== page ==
Step 6: Learn more about how to stay involved after this weekend & about year-round programming
There is no one “right” way of reflecting and acting upon what you will learn from this weekend. Posting photos, blogging, corresponding with contacts you’ve made, revising poems you began in workshop, sharing with a book you bought at the Social Justice Book Fair, wearing a Split This Rock t-shirt to class/work, submitting the festival evaluation Split This Rock will request of you—these are only a few examples of how you can might continue the conversations you will be starting this weekend.
Split This Rock also offers a range of volunteer and internship opportunities, some specific to the festival but others concerning overall programming, and you can become a festival sponsor by donating. (Take a look here at Split This Rock’s in-kind donation needs.)
Although Split This Rock Poetry Festival is a huge event, it isn’t the only programming the organization offers. Regular events include the Sunday of Love Poetry Series, workshops (currently offered every other Wednesday), a bunch of youth programming (e.g. DC Youth Slam Team & Louder Than a Bomb DMV Teen Poetry Slam Festival), poetry contests and awards, the Poem of the Week Series, publication of a poetry database called The Quarry, and collaboration with community projects. Click here to view a list of upcoming events and here to view a calendar of events.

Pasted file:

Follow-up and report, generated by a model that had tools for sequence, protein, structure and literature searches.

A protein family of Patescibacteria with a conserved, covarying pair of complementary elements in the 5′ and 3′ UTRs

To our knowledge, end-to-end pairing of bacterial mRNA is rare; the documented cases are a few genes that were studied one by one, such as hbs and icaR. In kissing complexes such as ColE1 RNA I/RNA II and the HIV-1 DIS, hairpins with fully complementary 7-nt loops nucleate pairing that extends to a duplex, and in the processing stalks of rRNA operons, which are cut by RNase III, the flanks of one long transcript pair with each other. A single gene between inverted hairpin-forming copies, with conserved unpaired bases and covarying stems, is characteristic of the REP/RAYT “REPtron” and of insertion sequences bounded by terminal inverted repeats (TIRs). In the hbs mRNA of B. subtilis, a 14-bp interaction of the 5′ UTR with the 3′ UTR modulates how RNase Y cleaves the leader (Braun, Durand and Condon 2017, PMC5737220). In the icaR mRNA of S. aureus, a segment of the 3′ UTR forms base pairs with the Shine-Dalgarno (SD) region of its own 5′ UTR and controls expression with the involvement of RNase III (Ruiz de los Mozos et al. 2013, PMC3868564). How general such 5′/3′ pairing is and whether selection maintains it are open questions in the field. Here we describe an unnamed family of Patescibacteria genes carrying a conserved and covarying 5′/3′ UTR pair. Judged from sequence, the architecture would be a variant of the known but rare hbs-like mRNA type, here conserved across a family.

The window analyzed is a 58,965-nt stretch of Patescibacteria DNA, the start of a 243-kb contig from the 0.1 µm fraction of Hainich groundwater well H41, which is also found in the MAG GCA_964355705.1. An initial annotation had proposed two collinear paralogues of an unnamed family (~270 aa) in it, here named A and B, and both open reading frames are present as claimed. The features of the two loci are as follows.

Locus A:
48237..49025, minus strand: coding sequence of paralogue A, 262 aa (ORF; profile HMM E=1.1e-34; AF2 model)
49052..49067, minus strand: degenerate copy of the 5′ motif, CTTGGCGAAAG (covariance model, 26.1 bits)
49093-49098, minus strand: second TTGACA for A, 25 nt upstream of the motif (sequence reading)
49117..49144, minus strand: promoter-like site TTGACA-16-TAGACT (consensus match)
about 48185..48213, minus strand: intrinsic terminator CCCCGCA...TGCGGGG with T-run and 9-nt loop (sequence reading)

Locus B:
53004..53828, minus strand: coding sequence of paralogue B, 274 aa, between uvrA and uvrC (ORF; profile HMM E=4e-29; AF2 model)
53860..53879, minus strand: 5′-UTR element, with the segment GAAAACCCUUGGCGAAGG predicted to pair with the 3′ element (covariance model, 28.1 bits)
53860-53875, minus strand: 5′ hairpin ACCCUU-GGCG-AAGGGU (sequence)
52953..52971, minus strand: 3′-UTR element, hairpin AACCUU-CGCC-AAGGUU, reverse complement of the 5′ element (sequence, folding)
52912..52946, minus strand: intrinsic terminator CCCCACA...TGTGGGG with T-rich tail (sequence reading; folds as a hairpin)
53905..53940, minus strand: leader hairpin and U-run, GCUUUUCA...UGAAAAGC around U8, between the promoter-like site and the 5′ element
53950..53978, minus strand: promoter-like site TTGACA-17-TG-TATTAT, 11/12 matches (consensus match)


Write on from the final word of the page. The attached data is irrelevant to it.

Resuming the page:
If you take nothing else from this blog post, though, take this: Split This Rock is an opportunity to get out of your comfort zone. Make a schedule for this weekend, and completely change your mind the day of. Strike up a conversation with that cool person in workshop. Read a book that confuses you. Think new thoughts. Write new thoughts. Speak new thoughts. Think, write, speak.
Note: Unless otherwise stated, all quoted texts originates from Split This Rock's website.
Split This Rock. Split This Rock, n.d. Web. 10 April 2016.